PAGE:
Let $f(x)$ be a continuous function that—

  • maps the closed interval [0, 1] to [0, 1],
  • equals 0 at 0,
  • does not equal 0 anywhere except at 0, and
  • is nowhere differentiable on its domain.

Let $g(x)$ be a polynomial that—

  • maps the closed interval [0, 1] to [0, 1],
  • bounds $f$ from above, and
  • equals 0 at 0.

My question is: Does the limit $\lim_{x\to 0^+} f(x)/g(x)$ exist? If not, what are the weakest conditions required on $f$ for the limit to exist?

I know that by L'Hôpital's rule, the limit exists when $f(x)$ is differentiable on some interval $(0, \epsilon)$, but I don't know whether the limit still exists in this case when $f$ is not required to be differentiable. This question is neither homework nor a self-study assignment, nor is this coursework.


1 Answer 1


Let $w(x):[0,1]\to [1/2,1]$ be continuous and nowhere differentiable. Define

$$v(x)=\frac{x}{2}+\frac{x}{4}\sin (\ln x),$$

for $x\in (0,1],$ with $v(0)=0.$ Then $v$ is differentiable on $(0,1]$ and $v$ is continuous on $[0,1].$ Note that $x/4\le v(x)\le 3x/4.$

Set $f(x) = v(x)w(x)$ and $g(x)=x.$ Then $f,g$ satisfy the given conditions. The only condition that's not immediately clear is that $f$ is nowhere differentiable. To verify it, let $x\in (0,1]$ and suppose $f'(x)$ exists. Then $(f/v)'(x)$ exists, i.e., $w'(x)$ exists. That's a contradiction. To check $x=0,$ observe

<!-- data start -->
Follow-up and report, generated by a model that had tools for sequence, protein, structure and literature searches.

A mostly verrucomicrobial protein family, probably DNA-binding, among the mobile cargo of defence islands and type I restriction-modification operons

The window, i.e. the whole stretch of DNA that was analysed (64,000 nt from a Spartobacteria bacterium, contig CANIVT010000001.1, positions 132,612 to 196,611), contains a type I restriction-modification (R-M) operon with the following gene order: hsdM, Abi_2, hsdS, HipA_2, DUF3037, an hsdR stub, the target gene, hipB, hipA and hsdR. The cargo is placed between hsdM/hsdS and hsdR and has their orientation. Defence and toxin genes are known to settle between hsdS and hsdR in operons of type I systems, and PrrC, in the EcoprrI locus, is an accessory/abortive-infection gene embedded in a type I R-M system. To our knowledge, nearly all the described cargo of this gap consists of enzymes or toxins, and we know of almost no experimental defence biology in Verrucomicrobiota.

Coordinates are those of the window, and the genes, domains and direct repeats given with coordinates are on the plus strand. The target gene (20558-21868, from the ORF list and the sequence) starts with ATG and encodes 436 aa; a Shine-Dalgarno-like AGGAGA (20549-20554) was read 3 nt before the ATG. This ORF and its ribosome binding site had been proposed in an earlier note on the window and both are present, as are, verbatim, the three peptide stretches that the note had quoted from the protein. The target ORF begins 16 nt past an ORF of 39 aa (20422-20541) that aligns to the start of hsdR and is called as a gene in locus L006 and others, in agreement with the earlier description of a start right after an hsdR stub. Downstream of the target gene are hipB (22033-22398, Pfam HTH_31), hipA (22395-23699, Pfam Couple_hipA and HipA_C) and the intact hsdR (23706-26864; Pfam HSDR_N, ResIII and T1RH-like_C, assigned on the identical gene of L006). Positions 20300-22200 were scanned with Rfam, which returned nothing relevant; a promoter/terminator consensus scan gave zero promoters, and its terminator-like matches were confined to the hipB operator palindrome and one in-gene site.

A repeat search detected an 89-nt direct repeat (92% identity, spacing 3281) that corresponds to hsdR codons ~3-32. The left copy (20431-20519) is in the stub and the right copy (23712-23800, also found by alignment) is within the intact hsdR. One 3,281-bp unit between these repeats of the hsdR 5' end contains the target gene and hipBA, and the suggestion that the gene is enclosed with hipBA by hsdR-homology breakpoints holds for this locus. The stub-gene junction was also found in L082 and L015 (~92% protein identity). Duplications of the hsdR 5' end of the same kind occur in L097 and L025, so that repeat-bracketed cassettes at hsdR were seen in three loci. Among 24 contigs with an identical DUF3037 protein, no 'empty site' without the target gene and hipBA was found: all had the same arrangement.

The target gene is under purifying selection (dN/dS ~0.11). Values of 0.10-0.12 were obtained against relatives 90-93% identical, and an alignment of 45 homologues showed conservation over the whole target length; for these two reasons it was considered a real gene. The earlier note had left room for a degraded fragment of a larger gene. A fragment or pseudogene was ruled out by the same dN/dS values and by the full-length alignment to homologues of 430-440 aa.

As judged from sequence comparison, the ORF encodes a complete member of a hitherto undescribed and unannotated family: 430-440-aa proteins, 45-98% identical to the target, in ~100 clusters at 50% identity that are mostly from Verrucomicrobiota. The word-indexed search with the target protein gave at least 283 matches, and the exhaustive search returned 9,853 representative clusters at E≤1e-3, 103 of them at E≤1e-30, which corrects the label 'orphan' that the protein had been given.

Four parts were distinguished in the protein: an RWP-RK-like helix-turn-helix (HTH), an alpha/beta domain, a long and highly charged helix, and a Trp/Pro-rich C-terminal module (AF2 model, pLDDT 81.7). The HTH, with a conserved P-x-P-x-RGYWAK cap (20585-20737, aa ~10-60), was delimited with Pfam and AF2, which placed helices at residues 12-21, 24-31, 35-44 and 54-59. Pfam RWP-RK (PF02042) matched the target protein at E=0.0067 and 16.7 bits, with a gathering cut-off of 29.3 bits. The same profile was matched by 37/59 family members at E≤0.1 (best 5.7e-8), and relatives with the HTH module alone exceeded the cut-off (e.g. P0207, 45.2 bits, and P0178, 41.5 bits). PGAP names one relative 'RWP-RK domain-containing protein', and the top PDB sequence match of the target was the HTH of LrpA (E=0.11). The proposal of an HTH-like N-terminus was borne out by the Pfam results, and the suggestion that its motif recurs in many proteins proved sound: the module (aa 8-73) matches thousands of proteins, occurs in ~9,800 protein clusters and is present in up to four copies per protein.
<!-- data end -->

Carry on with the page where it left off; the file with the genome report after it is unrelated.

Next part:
$$\frac{f(x)}{x} = w(x)\left(\frac{1}{2}+\frac{1}{4}\sin (\ln x)\right).$$

As $x\to 0^+,$ $w(x)\to w(0)\ne 0,$ and the factor on the right oscillates between $1/4$ and $3/4.$ This oscillation shows $f'(0)$ fails to exist. Thus $f$ is nowhere differentiable, and of course this also shows $\lim_{x\to 0^+} f(x)/g(x)$ fails to exist.

  • $\begingroup$ Thank you for the example. Can you find an example where the limit does not exist even if $f$ is Lipschitz continuous? (I know a Lipschitz continuous function is differentiable almost everywhere, but not whether it can be differentiable except on a dense set of measure zero or whether $f$ is differentiable on (0, $\epsilon$) whenever it is Lipschitz continuous on [0, 1].) $\endgroup$
    – Peter O.
    Jun 29, 2021 at 16:10
  • $\begingroup$ Take $f(x)=v(x)$ where $v(x)$ is as above, and $g(x)=x.$ Check that $v'(x)$ is bounded, hence $v$ is Lipschitz. $\endgroup$
    – zhw.
    Jun 29, 2021 at 19:49

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